SINGAPORE - A home-grown biotech company has begun a large-scale clinical study for a blood test that can offer early screening of up to nine different cancers that have high mortality rates.
The test by Mirxes uses a combination of biomarkers to screen for lung, breast, colorectal, liver, stomach (gastric), oesophageal, ovarian, pancreatic and prostate cancers.
Biomarkers are measurable DNA, RNA or protein components that indicate disease such as cancer.
The test is the first in the world to use this unique combination of blood-borne circulating microRNA (miRNA) and DNA methylation biomarkers to detect multiple cancers.
Early detection of cancer is critical for patient survival. For example, a patient diagnosed with early stage lung cancer has a more than 80 per cent chance of survival compared with just 10 per cent for patients diagnosed with late-stage lung cancer.
Dr Zhou Lihan, co-founder and chief executive of Mirxes, said: “The goal is simple: To move the stage of cancer diagnosis from stages 3 and 4 - which is often the case now - to stages 1 and 2, based on a single blood test. This will improve survival rates easily by 50 per cent and possibly cut down the actual treatment costs.”
Called Project CADENCE, the study will receive an investment of at least $50 million over a three-year period, and is expected to recruit more than 12,000 individuals in Singapore, Mirxes said in a press statement on Thursday (July 7).
There are also plans to expand recruitment overseas, from countries such as the United States, China and Japan.
The study will also create more than 80 new positions here in research, manufacturing and data science over the next three years.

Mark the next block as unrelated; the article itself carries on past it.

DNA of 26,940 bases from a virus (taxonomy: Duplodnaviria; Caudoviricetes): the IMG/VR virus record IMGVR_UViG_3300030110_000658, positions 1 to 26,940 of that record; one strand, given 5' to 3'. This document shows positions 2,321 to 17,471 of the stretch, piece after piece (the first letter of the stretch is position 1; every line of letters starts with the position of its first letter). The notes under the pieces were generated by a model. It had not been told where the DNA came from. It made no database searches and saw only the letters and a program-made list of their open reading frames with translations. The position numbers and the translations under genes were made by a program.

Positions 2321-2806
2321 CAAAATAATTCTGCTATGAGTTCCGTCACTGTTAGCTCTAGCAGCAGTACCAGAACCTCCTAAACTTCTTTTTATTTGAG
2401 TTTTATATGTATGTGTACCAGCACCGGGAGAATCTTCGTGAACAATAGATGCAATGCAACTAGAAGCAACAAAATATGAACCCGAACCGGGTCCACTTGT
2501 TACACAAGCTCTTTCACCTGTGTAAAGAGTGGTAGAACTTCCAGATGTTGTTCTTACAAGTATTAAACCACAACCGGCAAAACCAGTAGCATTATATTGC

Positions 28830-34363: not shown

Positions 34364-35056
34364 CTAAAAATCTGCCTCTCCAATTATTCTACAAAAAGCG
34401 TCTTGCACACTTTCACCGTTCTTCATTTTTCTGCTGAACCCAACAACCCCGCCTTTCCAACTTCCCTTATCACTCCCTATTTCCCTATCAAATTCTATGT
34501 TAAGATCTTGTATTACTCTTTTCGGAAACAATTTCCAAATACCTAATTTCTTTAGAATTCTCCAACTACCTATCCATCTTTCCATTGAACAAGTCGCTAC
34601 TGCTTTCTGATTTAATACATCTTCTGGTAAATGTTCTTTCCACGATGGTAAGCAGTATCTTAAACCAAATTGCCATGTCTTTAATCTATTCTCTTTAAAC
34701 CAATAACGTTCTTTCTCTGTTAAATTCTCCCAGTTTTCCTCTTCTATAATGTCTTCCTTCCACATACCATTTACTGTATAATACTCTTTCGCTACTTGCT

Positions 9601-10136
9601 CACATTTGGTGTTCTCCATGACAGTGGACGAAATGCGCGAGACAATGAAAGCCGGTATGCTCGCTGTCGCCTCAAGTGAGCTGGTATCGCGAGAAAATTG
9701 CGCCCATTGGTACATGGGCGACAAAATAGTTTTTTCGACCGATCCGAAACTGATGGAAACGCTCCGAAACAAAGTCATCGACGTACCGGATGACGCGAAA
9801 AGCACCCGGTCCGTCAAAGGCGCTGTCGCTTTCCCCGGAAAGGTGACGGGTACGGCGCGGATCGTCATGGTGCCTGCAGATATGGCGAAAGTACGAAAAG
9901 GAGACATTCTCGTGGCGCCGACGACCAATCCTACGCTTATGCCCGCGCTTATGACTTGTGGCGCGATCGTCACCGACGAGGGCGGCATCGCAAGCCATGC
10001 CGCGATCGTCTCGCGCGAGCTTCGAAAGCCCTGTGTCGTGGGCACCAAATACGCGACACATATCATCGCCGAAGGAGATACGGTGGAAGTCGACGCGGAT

Singapore has seen a reduction in some types of cancer, such as lung cancer as smoking incidence falls.
But other cancers continue to creep upwards in tandem with changes in lifestyle and the ageing population, Health Minister Ong Ye Kung, who was the guest of honour at the announcement ceremony, said on Thursday.
“Despite this, the Singapore population is under-screening for cancer...We will try to correct this with Project CADENCE,” Mr Ong said.
“Hence, Project CADENCE is well-aligned with Healthier SG. When we embarked on Healthier SG, we positioned it as shifting from acute care to preventive care. This can really happen in a big way because of technological advancements,” he added.
Healthier SG represents a nationwide shift away from the traditional emphasis on illness-based hospital care towards a focus on preventive care. It keeps a lid on rising healthcare costs by tackling the problem at its roots, keeping people healthy for longer so they require less medical care.
“You can imagine that, in the future, genome sequencing will allow us to identify segments of society who may be slightly more susceptible to certain diseases, and very early interventions can take place. Simple interventions – exercise, diet – can be done because we can identify early who is more susceptible to certain chronic illnesses,” Mr Ong said.
On Thursday, Mr Ong witnessed the signing of a Memorandum of Understanding (MOU) between Mirxes and the National Cancer Centre Singapore, Nanyang Technological University, Singapore, National University Hospital, Singapore General Hospital, Singapore Translational Cancer Consortium, Tan Tock Seng Hospital and the Yong Loo Lin School of Medicine.
The MOU creates a new public-private partnership to address the rising incidence of cancer here and the cost savings that would arise from early cancer detection.
The research is expected to recruit more than 12,000 individuals, including healthy average-risk individuals, high-risk individuals, patients with benign conditions and newly diagnosed patients who have not received cancer treatment before.